Can You Turn “Off”?
Do you ever find yourself in what appears to be a never ending cycle of rumination? You know, the ‘thought patterns’ or ‘thought trains’ that appear to go on forever? This can range from a stressor in your life to your recurrent “to do” list... As the holidays are fastly approaching, perhaps this has increased in your life.
Do your thoughts just play out over and over in your head? Sometimes it can be the same scenario that repeats itself or perhaps sometimes your mind goes through different outcomes stemming from the same all consuming initial thought?
Sometimes I'll find this happens to me where then I will become so entranced by my thoughts that I teleport while driving. I will end up at my location with very little (almost concerning) amounts of awareness of the journey to this destination.
So what brings me to this 'thought train' this week? Well I am taking a new class in school that is called preventative health. I was excited about going into this class as I thought it would teach me more tools to apply to my own life, those around me life and learn techniques to help my future clients. Equipping me with tools that allow us all to be proactive rather than reactive when it comes to our health.
Here I was thinking I was handling my life pretty well. Especially as I am in a huge transitional shift in my life. I am in this new adventure that I am thrilled about so what is there to be stressed about right? My changes include shifts in my career and education focus which is both exhilarating and stressful.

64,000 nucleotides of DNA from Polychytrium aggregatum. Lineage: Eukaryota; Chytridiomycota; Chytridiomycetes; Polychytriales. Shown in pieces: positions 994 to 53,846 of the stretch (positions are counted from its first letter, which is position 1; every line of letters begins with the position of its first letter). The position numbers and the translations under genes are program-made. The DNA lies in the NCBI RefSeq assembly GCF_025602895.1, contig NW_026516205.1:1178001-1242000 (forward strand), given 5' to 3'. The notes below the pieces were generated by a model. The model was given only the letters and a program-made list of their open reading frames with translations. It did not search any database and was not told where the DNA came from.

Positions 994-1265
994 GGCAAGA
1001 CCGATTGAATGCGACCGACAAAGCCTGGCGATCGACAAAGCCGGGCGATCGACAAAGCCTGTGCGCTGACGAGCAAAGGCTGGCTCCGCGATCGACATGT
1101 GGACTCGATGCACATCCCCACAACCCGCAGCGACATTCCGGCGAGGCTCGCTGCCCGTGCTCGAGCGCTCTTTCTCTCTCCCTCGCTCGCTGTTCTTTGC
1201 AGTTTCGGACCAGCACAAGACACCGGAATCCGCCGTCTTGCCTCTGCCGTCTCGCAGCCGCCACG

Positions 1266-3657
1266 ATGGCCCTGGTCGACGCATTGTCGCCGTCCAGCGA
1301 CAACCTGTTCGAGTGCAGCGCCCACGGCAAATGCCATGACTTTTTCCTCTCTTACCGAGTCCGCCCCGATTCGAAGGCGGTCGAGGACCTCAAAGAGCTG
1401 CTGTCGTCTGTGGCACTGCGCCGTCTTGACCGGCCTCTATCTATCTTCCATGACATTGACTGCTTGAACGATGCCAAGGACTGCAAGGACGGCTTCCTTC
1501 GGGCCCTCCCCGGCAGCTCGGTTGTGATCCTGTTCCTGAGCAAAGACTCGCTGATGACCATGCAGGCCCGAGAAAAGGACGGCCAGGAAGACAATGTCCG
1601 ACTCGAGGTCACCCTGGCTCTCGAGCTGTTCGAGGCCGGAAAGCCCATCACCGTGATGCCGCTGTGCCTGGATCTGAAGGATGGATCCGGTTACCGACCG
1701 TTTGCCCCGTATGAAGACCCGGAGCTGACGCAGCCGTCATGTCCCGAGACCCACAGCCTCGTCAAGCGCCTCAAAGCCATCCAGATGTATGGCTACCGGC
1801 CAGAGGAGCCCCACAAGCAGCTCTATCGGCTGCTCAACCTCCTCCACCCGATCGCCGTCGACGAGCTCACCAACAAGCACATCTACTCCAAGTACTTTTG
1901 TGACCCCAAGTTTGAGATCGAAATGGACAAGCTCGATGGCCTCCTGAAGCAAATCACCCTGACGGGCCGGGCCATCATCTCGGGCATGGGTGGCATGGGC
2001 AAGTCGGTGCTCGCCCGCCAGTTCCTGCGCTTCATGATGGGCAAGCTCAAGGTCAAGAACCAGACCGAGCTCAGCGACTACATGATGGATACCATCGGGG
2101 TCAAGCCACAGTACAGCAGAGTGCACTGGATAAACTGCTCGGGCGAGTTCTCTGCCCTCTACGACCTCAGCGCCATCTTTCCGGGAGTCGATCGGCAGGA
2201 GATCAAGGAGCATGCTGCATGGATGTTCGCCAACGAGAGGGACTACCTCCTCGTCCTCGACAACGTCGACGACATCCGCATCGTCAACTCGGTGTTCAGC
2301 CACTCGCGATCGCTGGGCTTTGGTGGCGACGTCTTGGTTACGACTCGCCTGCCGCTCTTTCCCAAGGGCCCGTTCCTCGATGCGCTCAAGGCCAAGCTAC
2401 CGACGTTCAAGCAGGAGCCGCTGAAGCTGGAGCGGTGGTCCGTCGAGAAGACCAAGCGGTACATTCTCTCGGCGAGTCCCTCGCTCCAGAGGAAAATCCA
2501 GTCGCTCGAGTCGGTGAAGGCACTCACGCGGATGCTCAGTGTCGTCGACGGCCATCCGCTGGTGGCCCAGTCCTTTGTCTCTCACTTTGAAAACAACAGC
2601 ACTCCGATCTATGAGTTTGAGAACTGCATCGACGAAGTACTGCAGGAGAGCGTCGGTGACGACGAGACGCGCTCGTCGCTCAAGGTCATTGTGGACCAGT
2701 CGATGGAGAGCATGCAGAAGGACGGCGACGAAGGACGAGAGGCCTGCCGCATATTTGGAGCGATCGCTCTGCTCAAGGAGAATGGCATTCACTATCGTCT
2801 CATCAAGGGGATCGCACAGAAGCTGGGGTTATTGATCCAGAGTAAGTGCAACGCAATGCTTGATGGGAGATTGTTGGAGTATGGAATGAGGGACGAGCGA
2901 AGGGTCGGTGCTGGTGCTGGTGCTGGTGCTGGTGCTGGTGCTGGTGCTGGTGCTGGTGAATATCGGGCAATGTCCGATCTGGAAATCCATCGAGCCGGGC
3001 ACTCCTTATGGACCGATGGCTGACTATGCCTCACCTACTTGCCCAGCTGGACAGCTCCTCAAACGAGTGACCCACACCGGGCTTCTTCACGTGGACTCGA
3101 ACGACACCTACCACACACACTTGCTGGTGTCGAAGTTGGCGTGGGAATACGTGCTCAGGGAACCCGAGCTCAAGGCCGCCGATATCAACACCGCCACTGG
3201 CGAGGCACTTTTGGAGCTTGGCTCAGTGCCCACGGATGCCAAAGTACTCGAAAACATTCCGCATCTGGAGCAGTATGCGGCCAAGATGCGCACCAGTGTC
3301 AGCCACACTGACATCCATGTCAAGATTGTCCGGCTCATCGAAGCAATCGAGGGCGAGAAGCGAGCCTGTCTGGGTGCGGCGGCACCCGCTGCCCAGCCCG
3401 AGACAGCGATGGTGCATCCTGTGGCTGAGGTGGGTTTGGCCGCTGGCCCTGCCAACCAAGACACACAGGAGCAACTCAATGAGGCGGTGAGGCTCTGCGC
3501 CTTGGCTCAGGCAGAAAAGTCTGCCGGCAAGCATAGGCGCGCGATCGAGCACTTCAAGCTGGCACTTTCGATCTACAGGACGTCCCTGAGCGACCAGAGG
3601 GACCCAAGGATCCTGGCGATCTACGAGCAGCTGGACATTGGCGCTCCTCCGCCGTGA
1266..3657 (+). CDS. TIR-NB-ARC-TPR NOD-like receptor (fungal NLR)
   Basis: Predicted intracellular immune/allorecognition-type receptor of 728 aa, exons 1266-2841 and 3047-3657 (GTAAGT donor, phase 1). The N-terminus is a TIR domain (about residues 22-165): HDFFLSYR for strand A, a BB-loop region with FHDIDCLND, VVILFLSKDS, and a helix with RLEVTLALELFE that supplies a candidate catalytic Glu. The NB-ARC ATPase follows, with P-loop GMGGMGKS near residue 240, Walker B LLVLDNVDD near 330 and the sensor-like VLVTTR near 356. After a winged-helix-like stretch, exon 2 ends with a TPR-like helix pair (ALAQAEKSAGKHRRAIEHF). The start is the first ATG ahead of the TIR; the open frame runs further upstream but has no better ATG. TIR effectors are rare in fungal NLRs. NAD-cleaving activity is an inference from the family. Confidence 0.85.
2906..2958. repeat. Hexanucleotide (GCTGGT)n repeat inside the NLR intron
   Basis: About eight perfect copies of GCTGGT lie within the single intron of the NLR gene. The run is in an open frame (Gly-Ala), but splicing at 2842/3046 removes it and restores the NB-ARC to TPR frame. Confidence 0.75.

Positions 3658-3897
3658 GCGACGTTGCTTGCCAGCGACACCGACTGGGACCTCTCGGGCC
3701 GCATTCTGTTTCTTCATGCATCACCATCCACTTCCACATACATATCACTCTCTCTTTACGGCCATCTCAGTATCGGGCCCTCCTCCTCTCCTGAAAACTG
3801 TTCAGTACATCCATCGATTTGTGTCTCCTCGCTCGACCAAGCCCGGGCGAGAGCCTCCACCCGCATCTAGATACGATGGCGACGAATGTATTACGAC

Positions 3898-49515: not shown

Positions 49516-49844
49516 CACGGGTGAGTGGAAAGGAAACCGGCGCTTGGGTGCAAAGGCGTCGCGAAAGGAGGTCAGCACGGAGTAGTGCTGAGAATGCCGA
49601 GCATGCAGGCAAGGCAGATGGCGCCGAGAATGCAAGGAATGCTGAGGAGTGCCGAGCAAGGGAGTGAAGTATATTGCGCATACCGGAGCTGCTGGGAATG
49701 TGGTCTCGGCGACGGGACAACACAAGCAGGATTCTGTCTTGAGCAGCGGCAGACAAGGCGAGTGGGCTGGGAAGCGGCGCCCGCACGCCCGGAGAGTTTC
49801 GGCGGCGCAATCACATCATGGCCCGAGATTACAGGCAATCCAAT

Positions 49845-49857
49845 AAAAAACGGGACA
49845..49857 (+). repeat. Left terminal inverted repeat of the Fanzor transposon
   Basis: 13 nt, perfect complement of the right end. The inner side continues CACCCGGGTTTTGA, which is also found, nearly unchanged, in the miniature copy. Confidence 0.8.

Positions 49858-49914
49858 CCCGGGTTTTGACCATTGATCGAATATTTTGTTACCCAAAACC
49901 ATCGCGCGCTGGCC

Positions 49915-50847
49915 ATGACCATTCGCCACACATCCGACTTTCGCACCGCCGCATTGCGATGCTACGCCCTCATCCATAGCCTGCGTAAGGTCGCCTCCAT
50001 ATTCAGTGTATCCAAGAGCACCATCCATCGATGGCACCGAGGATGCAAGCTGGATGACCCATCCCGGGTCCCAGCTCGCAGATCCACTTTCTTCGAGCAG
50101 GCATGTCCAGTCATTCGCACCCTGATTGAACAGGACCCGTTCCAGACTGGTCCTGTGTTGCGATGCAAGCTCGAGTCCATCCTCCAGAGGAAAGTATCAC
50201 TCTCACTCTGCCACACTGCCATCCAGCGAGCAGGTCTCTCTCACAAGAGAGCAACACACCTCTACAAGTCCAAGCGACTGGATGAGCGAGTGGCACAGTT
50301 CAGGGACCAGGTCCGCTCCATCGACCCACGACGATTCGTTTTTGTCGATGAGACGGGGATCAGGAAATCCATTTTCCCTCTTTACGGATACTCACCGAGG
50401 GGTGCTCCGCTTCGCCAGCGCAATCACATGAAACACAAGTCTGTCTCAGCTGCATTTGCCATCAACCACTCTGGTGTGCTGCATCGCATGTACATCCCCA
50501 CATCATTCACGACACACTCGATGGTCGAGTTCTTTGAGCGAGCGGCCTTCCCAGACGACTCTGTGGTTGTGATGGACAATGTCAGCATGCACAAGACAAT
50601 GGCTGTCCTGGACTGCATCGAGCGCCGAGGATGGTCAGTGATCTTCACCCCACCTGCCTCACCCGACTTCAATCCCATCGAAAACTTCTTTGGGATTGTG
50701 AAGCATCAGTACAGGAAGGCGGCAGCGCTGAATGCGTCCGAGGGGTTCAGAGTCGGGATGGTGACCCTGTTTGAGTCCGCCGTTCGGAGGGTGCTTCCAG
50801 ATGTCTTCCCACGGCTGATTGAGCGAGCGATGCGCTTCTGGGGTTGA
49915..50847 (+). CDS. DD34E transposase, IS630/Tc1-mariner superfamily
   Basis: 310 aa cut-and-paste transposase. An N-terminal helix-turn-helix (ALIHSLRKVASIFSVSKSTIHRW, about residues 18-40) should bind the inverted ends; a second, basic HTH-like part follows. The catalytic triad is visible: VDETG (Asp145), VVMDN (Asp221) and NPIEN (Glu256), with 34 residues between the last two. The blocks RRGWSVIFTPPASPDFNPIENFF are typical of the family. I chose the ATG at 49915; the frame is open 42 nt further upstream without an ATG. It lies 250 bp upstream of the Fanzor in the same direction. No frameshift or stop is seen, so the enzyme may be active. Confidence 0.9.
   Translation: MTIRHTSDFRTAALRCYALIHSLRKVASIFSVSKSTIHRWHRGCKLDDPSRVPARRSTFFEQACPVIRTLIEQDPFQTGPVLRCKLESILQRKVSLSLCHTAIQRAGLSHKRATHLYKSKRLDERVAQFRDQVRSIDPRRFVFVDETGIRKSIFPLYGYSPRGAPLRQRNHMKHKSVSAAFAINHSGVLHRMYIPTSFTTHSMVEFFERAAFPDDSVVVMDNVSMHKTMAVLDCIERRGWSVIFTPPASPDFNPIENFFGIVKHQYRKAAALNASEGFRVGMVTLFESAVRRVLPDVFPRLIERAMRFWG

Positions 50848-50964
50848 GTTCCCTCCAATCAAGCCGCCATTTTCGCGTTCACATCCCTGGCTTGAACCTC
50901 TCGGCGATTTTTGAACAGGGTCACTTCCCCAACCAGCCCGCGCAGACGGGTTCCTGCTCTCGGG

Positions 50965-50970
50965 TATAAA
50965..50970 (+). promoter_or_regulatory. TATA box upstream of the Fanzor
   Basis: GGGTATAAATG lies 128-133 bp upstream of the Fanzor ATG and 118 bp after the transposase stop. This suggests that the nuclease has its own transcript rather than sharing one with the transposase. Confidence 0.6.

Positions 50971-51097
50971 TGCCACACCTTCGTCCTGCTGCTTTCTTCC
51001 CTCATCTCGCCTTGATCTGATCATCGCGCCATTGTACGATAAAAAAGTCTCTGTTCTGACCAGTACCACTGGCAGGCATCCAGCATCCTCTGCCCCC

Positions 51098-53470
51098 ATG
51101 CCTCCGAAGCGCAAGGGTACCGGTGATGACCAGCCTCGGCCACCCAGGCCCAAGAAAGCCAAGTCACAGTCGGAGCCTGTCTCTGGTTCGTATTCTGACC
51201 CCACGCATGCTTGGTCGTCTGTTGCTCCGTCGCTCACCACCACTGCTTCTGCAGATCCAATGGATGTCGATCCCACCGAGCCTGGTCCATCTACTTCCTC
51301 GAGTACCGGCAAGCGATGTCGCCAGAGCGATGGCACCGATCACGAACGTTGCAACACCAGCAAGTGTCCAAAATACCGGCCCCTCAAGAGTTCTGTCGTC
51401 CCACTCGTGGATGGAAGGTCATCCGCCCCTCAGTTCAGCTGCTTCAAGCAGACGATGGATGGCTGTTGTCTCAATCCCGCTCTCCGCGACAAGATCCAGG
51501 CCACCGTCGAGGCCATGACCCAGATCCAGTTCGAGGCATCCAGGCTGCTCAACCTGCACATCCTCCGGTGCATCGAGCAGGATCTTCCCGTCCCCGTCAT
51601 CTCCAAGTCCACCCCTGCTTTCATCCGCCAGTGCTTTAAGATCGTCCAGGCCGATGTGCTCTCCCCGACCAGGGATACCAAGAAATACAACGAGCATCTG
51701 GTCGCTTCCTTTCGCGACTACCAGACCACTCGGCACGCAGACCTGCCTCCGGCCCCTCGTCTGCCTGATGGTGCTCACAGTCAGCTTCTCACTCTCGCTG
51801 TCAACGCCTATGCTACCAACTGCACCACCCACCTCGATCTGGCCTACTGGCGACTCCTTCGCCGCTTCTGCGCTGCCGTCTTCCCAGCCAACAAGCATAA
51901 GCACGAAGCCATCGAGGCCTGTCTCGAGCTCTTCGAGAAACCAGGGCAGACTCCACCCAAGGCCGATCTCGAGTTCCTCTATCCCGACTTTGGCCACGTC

In this class we were simply going through an objective stressor questionnaire to quantify one's level of stress. Sidenote: I have attached a link here in the event you are curious to view your stress levels on paper. This revealed my life on paper in a different way than I perceived it.
What I learned was that I was comparing my level of stress to some of the most stressful moments in my life. However, I think that is the wrong approach, at least for myself. We are all different after all and I can recognize that other people may use a different metric to view their life as an outsider looking inwards, and adjust their stress and energy levels differently. In terms of stress, one could compare it to the: optimists versus pessimists. By that I mean, how do you look at the glass? Is it half full or half empty?
This questionnaire revealed to me that I needed to flip my perspective. Instead of comparing my level of stress and management to high peaks of cortisol release, I should be comparing it to my baseline -- times of feeling relaxed and as cool as a cucumber.
Then I asked myself: "Sky who are you when you feel under control, with minimal stressor's, when breathing is easy, meditation is achievable, practice is fluid, when you feel lightest, able, capable, full, determined and inspired?" This is my new metric for stress/life comparison within myself.
I am not there right now and that is okay. Stress is normal, stress is seldom unavoidable as life is a stressor in itself! But there are methods to help manage the symptoms and reduce the burden of stress that I could be utilizing even more. Admittedly, I try to remain aware of this and not lose sight. Although Ill be the first to admit that its often easier to give advice than to take it. Meaning, I have to work on this concept within myself more.
I need to listen to myself.